The Context-Free Command and Control Grammar (CFCG) compiler is the component responsible for constructing and maintaining the CFCGs for speech recognition. The compiler converts the Semantic Knowledge Base (SKB) into an equivalent set of CFCGs and manages the agent's conceptual memory. The compiler communicates with the BE either through the marshallers, if the VCI and the agent operate as two parts of a distributed system, or directly, if they run on the same hardware device. The Behavior Modification module modifies the agent's behaviors on the basis of user instructions.


Our experiments focused on evaluating the effectiveness of hands-free speech-based interaction between users and electronic devices with the intelligent voice control architecture. The two electronic devices used in the experiments were a virtual desktop assistant that manages files and email messages and a mobile robot that simulates a wheelchair. Two users interacted with these devices by wearing a headset that consisted of two headphones and a microphone.

The tests targeted four categories of interaction: introspection, understanding accuracy, problem solving, and behavior modification. Introspection is the ability of the system to explain its abilities to the user. Understanding accuracy refers to the percentage of user utterances understood by the system. Problem solving is the percentage of successfully completed tasks. Behavior modification is the ability of the system to modify its behavior on the basis of user instructions.

Table 1: Success Percentages



Understanding Accuracy


Problem Solving


Behavior Modification


Five tasks were designed for each of the four categories. For example, one task in the introspection category was to find out what the system can do with e-mail messages; another task in the problem solving category was to instruct the system to create a directory and copy all files from another directory into the new directory. For each task, successes and failures were counted. Table 1 summarizes the percentages in each category.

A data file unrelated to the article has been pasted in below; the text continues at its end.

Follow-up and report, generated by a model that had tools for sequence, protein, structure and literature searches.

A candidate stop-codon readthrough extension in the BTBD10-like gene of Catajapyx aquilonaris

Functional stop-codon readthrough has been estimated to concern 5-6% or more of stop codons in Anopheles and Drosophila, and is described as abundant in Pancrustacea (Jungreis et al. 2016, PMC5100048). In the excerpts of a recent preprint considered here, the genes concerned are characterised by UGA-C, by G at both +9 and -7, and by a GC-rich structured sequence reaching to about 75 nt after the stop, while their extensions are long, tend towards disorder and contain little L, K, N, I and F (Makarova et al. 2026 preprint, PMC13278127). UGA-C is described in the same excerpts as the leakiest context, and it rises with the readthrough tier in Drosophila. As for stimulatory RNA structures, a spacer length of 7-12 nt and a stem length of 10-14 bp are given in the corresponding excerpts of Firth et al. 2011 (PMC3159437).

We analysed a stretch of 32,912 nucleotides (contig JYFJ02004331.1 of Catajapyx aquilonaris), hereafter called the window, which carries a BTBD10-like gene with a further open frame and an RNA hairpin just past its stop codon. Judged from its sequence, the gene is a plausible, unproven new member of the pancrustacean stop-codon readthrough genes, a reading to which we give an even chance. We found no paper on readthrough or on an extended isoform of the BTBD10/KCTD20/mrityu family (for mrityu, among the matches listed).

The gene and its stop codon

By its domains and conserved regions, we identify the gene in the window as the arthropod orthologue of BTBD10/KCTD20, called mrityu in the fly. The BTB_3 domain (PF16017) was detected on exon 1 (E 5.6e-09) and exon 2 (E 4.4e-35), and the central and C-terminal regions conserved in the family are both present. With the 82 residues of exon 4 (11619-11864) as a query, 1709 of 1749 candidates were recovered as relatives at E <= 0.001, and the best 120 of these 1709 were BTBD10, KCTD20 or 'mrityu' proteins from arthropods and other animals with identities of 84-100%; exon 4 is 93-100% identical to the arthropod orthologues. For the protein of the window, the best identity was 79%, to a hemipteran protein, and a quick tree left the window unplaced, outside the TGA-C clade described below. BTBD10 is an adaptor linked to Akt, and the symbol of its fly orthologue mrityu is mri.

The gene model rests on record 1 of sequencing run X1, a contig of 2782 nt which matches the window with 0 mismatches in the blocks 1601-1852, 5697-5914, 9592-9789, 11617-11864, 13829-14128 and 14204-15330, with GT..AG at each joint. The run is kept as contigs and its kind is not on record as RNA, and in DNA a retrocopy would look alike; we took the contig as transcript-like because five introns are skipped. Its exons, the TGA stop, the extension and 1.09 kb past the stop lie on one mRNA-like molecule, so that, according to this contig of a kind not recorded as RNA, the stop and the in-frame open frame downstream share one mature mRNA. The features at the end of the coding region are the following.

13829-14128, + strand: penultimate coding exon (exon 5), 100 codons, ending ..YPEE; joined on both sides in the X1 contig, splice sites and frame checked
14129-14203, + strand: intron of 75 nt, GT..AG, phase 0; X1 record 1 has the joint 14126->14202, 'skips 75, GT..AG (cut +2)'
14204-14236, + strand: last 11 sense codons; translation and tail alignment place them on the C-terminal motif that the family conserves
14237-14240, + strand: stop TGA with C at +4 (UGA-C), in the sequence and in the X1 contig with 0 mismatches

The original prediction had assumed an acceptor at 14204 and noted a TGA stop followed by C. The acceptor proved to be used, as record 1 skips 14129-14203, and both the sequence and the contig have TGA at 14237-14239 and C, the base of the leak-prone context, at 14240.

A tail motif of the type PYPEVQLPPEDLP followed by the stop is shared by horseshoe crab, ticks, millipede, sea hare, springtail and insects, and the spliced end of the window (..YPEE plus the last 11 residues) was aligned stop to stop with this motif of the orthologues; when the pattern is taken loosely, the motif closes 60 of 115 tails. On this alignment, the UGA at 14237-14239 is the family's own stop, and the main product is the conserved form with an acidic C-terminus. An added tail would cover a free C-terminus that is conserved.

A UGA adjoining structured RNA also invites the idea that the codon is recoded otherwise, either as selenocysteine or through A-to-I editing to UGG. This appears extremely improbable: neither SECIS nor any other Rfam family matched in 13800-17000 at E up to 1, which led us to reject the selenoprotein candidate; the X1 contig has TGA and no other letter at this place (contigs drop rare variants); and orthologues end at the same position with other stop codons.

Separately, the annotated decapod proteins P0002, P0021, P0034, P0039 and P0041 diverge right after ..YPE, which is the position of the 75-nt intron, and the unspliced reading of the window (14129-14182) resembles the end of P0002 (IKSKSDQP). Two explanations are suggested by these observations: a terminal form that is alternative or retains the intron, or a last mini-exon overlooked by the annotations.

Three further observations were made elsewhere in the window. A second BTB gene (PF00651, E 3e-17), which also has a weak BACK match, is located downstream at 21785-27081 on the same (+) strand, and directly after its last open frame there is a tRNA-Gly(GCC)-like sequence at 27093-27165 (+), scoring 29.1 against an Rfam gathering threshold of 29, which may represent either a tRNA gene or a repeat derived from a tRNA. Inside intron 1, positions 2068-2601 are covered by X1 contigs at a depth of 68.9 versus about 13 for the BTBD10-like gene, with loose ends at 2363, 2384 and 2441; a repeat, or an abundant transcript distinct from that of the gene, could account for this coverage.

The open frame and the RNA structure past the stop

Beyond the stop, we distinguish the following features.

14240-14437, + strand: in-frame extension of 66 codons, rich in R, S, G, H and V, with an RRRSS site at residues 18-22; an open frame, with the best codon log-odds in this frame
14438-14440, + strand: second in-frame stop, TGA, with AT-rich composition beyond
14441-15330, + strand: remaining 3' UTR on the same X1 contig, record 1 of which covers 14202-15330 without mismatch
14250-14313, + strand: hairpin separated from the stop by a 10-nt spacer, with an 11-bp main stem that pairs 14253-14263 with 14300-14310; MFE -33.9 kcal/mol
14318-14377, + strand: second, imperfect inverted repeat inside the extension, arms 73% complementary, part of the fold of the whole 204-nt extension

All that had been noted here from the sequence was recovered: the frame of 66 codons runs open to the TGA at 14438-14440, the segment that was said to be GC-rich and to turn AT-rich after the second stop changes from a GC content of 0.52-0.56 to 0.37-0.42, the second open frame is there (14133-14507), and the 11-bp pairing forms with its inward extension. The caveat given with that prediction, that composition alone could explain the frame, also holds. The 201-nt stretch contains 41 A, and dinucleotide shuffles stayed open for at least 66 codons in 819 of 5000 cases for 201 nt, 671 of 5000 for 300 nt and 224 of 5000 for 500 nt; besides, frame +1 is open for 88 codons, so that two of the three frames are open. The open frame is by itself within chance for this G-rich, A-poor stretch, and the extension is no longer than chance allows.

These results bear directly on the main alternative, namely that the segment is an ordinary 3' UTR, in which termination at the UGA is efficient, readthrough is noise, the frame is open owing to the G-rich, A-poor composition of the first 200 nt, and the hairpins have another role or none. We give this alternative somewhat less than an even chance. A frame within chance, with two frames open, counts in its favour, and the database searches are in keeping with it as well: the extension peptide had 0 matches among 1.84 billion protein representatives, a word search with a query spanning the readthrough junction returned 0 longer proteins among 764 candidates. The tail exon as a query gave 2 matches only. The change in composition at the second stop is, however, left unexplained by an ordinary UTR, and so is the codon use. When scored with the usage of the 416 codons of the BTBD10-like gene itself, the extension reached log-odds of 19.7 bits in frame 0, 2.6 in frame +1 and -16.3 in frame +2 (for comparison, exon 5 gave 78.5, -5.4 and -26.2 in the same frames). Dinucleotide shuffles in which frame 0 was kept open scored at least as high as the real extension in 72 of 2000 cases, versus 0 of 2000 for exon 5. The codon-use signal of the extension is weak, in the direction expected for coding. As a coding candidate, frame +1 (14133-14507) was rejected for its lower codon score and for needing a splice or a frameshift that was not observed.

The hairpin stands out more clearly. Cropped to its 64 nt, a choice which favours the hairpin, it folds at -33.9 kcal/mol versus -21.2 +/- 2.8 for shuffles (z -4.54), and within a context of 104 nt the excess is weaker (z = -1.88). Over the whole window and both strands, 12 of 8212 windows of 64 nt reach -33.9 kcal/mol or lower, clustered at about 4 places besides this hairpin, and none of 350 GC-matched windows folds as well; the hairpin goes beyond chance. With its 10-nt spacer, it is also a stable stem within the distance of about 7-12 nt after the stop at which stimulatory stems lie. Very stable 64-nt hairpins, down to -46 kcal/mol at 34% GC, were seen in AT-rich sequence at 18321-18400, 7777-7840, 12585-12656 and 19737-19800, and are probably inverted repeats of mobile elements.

Analysis of experiments showed that the proposed architecture allows users to examine the capabilities of electronic devices through introspection and then use that knowledge to solve problems. Thus, the user does not need a sophisticated cognitive model of a given electronic device in order to start using it productively. The user can get to know the device's capabilities gradually. The experiments also demonstrated that speech recognition is a viable option for interacting with and controlling electronic devices. Consequently, speech recognition can become an integral part of controlling and interacting with various EADL devices (5).

The experiments demonstrated that behavior modification remains a challenge. To some extent, the lower percentages can be explained by the fact that the users did not expect this capability from an electronic device and did not quite know what to do with it.

The results of the project illustrate both the usefulness and current limitations of the intelligent voice control architecture. The architecture allows the users to go beyond Auditory User Interfaces in that the users can examine electronic devices through introspection and use the results of introspection to solve a variety of problems. However, more research is required to improve the behavior modification capabilities of the architecture. It is believed that the system should explain to the user not only what it can do but also how it can modify its behaviors. Future work will investigate a number of approaches to this problem.


  1. Mynatt, E.D., & Weber, G. (1994). "Nonvisual Presentation of Graphical User Interfaces: Contrasting Two Approaches," Proceedings of the Conference on Computer-Human Interaction, Boston, MA, pp. 166-172.
  2. Weber, G. (1993). "Access by Blind People to Interaction Objects in MS Windows," Proceedings of ECART 2, Stockholm, Sweden, pp. 22-28.
  3. Raman, T.V. (1997). Auditory User Interfaces, Kluwer Academic Publishers, New York.
  4. Kulyukin, V.& Steele, A. (2002). "Instruction and Action in the Three-Tiered Robot Architecture," Proceedings of the International Symposium on Robotics and Automation, Toluco, Mexico, pp. 151-156.
  5. Blair, M., & Raymond, S.L.A. (2001). "Assistive Technology for Caregivers and the Elderly," Intermountain Aging Review, 3(1), pp. 10-14.

Vladimir Kulyukin
Department of Computer Science
Utah State University
4205 Old Main Hill
Logan UT 84322-4205
phone: (435) 797-8163
fax: (435) 797-3265